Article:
Turkey’s ruling coalition maintains voter support despite economy troubles
President Recep Tayyip Erdoğan’s party and its far-right allies still enjoy support close to that they received in the June 2018 elections, despite a severe economic downturn in the country since then, said a December 2019 poll published by Turkey’s leading pollster MetroPoll last week.
The ruling Justice and Development Party (AKP) has the support of 41 percent of voters, while its Nationalist Movement Party (MHP) coalition ally is backed by 9 to 10 percent of voters once the undecided voters are distributed, MetroPoll’s survey showed.
The results contradict other pollsters’ surveys, which indicate a serious decline in the support for the People’s Alliance forged by the AKP and the MHP before 2018 presidential and parliamentary elections.
“We conduct a survey every month,” said Özer Sencar, the head of MetroPoll. “The claims that the People’s Alliance has been melting down might be the result of a calculation error, or might be wishful thinking.”
He said AKP support had never fallen below 33.2 percent in the past 15 years.
Meanwhile, the main opposition Republican People’s Party (CHP) seems to be incapable of increasing its voter support, despite discontent over the economy, which 60 percent of the voters see as the most important issue in the country.
Ahead of local elections in March last year, President Recep Tayyip Erdoğan built his campaign around security policies, repeatedly mentioning the risk he said terrorism posed to the country. But despite the ruling alliance portraying the country as being in a struggle for survival, only some 8 to 12 percent of Turks see terrorism as the most important problem in the country, MetroPoll’s surveys show.
After the economy, the second biggest problem for Turks is the independence of the judiciary and lack of justice, the pollster’s results indicate.
Since local elections in March, Erdoğan has been pursuing an aggressive foreign policy. His latest move was to sign two agreements with the U.N.-recognised Libyan government in Tripoli in late November. The first memorandum of understanding between two governments, which expanded Turkey’s claimed territorial waters in eastern Mediterranean, was also supported by the CHP and the nationalist Good Party when it was ratified in the parliament in December.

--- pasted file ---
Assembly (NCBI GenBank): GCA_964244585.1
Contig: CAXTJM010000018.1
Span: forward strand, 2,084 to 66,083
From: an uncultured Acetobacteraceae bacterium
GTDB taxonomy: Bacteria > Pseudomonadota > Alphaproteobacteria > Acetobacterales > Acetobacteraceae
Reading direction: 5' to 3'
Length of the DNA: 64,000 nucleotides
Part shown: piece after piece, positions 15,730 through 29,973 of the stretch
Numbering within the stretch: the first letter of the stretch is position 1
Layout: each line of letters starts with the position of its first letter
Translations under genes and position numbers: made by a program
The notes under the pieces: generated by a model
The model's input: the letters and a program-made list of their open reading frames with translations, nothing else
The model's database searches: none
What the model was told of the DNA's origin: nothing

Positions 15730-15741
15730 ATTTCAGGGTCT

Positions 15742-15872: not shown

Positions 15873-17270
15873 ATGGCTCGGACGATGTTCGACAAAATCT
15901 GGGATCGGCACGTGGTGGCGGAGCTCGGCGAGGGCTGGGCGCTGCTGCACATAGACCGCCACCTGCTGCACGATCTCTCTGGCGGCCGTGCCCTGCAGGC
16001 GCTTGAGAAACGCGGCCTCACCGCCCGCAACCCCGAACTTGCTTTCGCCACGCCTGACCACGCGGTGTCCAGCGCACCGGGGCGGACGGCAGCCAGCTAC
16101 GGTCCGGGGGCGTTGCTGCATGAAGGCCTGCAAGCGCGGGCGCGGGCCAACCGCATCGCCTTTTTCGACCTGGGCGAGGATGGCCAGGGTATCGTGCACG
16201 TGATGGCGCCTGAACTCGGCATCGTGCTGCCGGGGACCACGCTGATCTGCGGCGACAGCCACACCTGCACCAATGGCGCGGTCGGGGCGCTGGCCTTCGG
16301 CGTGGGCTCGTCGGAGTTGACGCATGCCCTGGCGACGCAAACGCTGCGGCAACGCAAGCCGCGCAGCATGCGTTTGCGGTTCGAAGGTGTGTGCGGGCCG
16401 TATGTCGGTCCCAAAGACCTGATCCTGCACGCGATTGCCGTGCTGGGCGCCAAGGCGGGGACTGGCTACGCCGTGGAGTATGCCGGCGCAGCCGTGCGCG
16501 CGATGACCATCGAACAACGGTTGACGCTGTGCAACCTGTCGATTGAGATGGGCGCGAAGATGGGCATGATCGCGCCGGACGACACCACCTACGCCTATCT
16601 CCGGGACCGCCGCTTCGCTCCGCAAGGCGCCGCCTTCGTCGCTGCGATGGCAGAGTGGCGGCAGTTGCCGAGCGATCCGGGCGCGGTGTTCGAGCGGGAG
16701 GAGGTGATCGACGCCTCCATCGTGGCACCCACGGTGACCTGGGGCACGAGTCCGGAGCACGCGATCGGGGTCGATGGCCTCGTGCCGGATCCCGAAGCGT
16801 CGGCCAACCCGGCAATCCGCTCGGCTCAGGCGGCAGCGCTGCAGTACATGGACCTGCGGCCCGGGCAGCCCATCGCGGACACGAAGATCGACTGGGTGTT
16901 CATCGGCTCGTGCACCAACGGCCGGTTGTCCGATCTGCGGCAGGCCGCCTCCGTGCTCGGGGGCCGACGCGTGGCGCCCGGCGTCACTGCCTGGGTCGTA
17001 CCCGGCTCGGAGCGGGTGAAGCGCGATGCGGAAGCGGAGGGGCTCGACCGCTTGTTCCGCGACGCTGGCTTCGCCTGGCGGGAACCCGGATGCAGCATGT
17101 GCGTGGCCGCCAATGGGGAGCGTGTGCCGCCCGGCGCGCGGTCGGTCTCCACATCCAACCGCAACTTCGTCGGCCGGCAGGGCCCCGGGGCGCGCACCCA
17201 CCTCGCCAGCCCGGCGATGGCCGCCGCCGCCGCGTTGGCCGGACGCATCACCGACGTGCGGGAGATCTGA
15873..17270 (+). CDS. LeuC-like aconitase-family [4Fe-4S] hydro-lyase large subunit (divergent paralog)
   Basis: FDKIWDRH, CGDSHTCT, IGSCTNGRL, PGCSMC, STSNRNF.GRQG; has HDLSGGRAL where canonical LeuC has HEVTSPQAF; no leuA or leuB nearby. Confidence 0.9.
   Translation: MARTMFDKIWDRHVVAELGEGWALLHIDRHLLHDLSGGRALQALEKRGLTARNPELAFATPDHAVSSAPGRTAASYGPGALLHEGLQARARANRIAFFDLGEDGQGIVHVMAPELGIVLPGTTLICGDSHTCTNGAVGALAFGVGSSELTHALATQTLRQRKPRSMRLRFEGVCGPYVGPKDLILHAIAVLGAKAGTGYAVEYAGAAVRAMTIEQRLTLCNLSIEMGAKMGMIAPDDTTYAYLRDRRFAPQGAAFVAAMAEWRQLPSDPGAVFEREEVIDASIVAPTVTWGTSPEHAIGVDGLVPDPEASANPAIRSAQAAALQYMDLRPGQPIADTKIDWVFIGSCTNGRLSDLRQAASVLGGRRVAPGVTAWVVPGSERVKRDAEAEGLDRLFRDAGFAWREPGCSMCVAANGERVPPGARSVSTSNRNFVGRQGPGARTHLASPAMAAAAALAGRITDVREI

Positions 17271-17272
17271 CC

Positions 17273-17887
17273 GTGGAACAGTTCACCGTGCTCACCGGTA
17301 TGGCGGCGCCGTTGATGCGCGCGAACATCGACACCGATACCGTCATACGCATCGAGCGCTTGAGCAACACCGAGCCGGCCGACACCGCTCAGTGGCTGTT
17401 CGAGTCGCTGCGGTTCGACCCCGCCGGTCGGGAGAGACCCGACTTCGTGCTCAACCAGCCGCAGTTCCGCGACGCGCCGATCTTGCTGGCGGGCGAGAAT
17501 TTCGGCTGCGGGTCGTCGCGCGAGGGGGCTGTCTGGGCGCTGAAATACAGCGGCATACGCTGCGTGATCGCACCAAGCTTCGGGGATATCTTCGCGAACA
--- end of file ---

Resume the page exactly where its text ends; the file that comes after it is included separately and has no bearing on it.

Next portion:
In the second agreement, Turkey offered military support to Tripoli government to fend off the assault of General Khalifa Haftar’s self-style Libyan National Army (LNA). The two opposition parties vocally objected to sending Turkish troops to Libya.
MetroPoll’s survey said that half of voters were against sending military forces to Libya, while only 38 percent supported the move. Some 29 percent of AKP voters and 32 percent of the MHP voters object to the government’s decision to send troops to Libya.
So, given that the Turkish public is overwhelmingly unsatisfied with the country’s economic policies, justice system and foreign policy, how can the ruling alliance still have such support?
The main reason behind that phenomenon is the opposition parties’ lack of credibility, Sencar said. “Is there anybody (in opposition) who can say ‘we can manage the economy better than Erdoğan, we can solve all the problems’ and is found trustworthy?” the pollster asked.
“The people think that the economy is in a terrible situation but they also believe that the opposition does not have the capability to end this downturn,” he said. This is even true for Ali Babacan, the former deputy prime minister in charge of economy, who resigned from the AKP last year and is expected to establish a rival liberal party soon.